by Fletcher Lowe
Prayer is part of my Jewish doctor’s approach to her surgery, as she sees her faith as integral to her relationship with her patients and her profession. She shared that thought with me both before and after my recent operation.
During my post-surgical hospitalization, I was aware of the multitudinous ways that others were ministering to me: the team of doctors who at 6:45 every morning shared where I was and what the day’s plans were; the night nurse who made sure I was getting enough rest and sleep; the nurse’s aide who recently retired from the banking industry to be more closely engaged with people who needed a caring hand and a reassuring word; the personable housekeeper making sure my room was clean and neat; and how many others. Unlike what I know of my surgeon, I have no knowledge of the faith perspective of any of these folks. What I do know is that they were Jesus incognito to me, bringing his healing gifts to me.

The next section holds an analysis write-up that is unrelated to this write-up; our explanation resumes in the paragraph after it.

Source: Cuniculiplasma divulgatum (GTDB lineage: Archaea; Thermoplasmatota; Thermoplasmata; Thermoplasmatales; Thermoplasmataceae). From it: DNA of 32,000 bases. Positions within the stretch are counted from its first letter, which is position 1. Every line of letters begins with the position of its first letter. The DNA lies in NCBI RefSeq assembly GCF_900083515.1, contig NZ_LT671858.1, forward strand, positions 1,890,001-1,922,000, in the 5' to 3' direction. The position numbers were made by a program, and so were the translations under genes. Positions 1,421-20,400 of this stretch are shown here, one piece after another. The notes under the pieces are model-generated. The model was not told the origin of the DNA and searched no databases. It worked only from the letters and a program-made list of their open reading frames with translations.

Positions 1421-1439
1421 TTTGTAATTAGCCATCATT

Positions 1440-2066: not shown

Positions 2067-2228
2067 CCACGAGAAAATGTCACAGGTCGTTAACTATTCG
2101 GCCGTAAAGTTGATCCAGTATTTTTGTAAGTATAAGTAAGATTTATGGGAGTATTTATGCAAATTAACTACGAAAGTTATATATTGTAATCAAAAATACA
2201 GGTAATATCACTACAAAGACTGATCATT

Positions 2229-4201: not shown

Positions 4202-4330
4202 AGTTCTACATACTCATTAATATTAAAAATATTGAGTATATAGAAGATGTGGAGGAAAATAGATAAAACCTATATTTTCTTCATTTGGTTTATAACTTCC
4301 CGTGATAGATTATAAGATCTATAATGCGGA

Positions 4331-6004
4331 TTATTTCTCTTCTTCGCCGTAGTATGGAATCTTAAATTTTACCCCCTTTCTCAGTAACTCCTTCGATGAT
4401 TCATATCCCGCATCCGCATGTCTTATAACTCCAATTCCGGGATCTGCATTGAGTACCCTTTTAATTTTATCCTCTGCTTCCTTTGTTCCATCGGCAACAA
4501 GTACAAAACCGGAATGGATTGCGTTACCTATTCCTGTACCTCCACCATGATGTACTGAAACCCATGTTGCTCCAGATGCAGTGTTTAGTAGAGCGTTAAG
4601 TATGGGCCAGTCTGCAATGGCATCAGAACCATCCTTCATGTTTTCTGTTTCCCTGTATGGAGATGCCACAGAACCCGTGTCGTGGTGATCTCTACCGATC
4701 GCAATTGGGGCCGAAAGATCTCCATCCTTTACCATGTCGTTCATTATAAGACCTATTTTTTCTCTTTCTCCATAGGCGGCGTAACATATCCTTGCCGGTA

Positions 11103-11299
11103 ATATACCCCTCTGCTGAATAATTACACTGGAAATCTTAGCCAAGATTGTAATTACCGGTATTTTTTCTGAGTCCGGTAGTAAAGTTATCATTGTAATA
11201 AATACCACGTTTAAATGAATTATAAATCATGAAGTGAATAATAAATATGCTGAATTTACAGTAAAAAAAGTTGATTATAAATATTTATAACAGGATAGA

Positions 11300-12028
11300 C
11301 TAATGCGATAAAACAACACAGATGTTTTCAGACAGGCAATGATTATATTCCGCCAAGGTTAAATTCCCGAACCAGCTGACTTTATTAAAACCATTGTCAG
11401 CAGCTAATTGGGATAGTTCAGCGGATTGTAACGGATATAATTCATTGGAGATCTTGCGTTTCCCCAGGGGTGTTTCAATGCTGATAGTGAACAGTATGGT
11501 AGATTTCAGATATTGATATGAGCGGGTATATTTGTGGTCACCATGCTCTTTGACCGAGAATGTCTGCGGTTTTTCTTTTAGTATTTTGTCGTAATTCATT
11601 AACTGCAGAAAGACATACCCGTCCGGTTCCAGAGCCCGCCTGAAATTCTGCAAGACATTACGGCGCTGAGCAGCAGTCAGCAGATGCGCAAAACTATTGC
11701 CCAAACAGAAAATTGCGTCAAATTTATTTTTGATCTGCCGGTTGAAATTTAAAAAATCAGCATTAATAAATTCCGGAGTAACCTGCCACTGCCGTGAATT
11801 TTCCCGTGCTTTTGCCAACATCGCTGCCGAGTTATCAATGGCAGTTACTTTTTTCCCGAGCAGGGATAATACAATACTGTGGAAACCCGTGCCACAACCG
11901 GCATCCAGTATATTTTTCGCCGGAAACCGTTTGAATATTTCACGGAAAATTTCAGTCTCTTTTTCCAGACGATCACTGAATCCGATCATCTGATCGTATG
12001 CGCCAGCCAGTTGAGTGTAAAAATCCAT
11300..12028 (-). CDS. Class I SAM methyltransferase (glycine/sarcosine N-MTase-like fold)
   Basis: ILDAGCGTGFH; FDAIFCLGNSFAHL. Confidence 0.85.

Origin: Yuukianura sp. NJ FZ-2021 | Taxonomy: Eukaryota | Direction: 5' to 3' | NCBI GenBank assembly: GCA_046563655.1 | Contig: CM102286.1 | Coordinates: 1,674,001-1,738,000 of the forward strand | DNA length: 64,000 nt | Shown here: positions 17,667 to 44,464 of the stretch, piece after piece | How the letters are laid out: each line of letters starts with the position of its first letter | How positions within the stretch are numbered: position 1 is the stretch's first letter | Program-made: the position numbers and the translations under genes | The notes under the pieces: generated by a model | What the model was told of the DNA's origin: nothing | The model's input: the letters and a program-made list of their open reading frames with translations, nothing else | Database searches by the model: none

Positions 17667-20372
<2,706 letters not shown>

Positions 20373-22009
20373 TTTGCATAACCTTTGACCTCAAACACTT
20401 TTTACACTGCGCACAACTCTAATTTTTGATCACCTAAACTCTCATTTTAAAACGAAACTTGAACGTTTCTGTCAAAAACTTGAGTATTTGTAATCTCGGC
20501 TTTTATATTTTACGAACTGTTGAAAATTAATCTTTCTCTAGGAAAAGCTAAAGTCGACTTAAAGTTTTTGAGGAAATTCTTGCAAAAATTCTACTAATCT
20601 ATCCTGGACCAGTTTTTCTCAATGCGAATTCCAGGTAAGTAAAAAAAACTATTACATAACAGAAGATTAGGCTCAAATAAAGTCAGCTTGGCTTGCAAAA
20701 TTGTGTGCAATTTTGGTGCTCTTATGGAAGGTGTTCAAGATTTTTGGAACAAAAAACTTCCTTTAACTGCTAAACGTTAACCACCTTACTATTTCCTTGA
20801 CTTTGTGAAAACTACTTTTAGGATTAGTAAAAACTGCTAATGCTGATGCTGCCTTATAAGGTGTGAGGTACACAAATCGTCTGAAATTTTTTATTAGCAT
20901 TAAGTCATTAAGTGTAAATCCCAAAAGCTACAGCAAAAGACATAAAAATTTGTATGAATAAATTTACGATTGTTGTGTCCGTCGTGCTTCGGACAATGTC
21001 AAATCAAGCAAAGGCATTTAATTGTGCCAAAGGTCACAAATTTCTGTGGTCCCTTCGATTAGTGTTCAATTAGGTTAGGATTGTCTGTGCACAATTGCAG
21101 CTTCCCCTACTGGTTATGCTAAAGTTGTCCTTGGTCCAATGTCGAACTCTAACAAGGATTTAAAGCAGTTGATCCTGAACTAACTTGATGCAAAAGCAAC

There have been other Jesuses amidst all of this: the great cloud of witnesses who through cards and emails and phone calls and food have been ever so supportive. There, too, has been my church community – lay and clergy alike – who have nurtured and encouraged me. And most important has been the steadying presence of my wife.
When I translate this to my larger life – and I suggest you do the same – I/we need to be aware of those who bring Jesus incognito into our lives with their gifts. God looks beyond the ranks of those who call themselves Christians when choosing who will be God’s ministers. Thanks be to God for the multitudinous ways God’s hand is felt in our personal and public worlds.